My Constitutional Right to Bear Arms

As Ulysses S. Grant noted, the way to tell a bad law from a good one is that the a bad law cannot be enforced. The overly-strict gun-control ordinances in cities like Chicago and Washington, D.C. offer clear examples of bad, unenforceable laws. Considering the high incidence of street crime in such urban centers, the politically-correct policy of coddling youthful offenders, and the shortage of police officers to deal with the problem, it is not unreasonable to assume that more than a few otherwise law-abiding citizens have acquired firearms illegally, and are not reluctant to use them to protected themselves, their families, or their property. For most, that basic survival instinct takes precedence over formal compliance with the law. Given the choice of staying alive and being legally wrong, or being legally right and dead, most sane folks would choose the former.

Proponents of repealing the Second Amendment and banning private ownership of guns altogether, trot out statistics showing that that there are far more cases of gun owners using their guns on family members, neighbors and coworkers, or to commit suicide, than to take out a criminal in self defense. But what that anti-gun argument fails to consider is that acts of self defense involving guns are not officially recorded by the police or reported by the sensation-peddling news media, unless the assailant is killed or wounded. If the gun owner merely scares off a would-be by showing him his weapon or firing into the air, no one hears about it, and no stats are kept.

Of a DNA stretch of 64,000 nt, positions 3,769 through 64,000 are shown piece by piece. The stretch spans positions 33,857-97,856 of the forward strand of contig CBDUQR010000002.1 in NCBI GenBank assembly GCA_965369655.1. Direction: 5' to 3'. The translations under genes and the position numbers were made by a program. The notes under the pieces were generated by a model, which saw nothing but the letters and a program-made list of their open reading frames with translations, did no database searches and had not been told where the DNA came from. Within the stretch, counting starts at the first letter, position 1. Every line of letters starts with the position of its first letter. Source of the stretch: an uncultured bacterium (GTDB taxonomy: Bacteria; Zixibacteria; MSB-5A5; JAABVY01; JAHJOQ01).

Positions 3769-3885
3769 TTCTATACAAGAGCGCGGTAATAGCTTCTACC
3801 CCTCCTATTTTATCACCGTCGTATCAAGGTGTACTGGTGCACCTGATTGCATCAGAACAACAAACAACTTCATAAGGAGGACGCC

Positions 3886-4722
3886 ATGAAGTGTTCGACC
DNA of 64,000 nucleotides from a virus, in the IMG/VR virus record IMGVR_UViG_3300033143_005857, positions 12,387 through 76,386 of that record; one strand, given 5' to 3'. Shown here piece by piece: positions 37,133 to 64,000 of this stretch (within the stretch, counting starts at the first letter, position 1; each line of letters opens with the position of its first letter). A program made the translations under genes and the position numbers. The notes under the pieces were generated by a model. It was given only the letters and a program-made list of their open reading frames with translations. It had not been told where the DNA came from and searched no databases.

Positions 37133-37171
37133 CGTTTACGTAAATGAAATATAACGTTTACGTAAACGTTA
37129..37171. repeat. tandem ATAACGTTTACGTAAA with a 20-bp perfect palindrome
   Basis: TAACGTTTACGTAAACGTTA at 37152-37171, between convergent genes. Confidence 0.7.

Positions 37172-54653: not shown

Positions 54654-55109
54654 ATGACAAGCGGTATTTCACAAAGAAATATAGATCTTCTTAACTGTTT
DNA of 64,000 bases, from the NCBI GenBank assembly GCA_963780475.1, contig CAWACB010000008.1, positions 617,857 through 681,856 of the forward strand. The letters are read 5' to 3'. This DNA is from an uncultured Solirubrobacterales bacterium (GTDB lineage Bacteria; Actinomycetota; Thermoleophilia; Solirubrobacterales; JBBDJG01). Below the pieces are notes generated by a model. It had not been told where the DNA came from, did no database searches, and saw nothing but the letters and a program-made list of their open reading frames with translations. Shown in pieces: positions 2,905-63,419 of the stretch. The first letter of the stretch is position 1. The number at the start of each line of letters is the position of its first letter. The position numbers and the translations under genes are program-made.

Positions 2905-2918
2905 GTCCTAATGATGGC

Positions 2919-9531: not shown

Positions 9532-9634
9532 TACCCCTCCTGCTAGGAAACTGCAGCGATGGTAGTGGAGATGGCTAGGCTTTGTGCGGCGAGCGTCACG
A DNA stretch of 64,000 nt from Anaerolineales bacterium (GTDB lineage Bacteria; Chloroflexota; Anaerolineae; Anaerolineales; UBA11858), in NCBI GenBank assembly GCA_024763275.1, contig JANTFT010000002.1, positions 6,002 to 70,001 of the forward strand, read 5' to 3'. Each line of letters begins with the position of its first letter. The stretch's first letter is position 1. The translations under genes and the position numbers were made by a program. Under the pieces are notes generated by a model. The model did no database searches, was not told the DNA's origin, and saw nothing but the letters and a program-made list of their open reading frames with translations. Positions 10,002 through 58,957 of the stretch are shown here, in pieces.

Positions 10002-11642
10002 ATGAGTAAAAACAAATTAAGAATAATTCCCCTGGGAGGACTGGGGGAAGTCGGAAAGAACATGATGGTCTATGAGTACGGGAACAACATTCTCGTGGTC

Street thugs, as a general rule, do not score high on I.Q. tests. Many are marginally retarded. But most compensate by developing keen animal instincts. They can usually sense, better than a person of normal intelligence, when somebody wielding a gun means business, and prudently back off.

I recall from my youth in Cuba that one of the first things that Fidel Castro did when he came to power was to confiscate all private firearms. ¿Armas para qué?, (why guns?) droned the official slogan over the state-controlled radio, and the Cuban masses, still basking in the triumph of La Revolución willingly, trustingly, gullibly, stupidly turned in their firearms. The shrewd Lider Máximo thus prevented the people from ever taking up arms against him.

The Founding Fathers who conceived the Second Amendment were more than mere intellectuals. All were also schooled in the real world, in the image of Plato’s philosopher kings. I, for one, am not about to question their wisdom.

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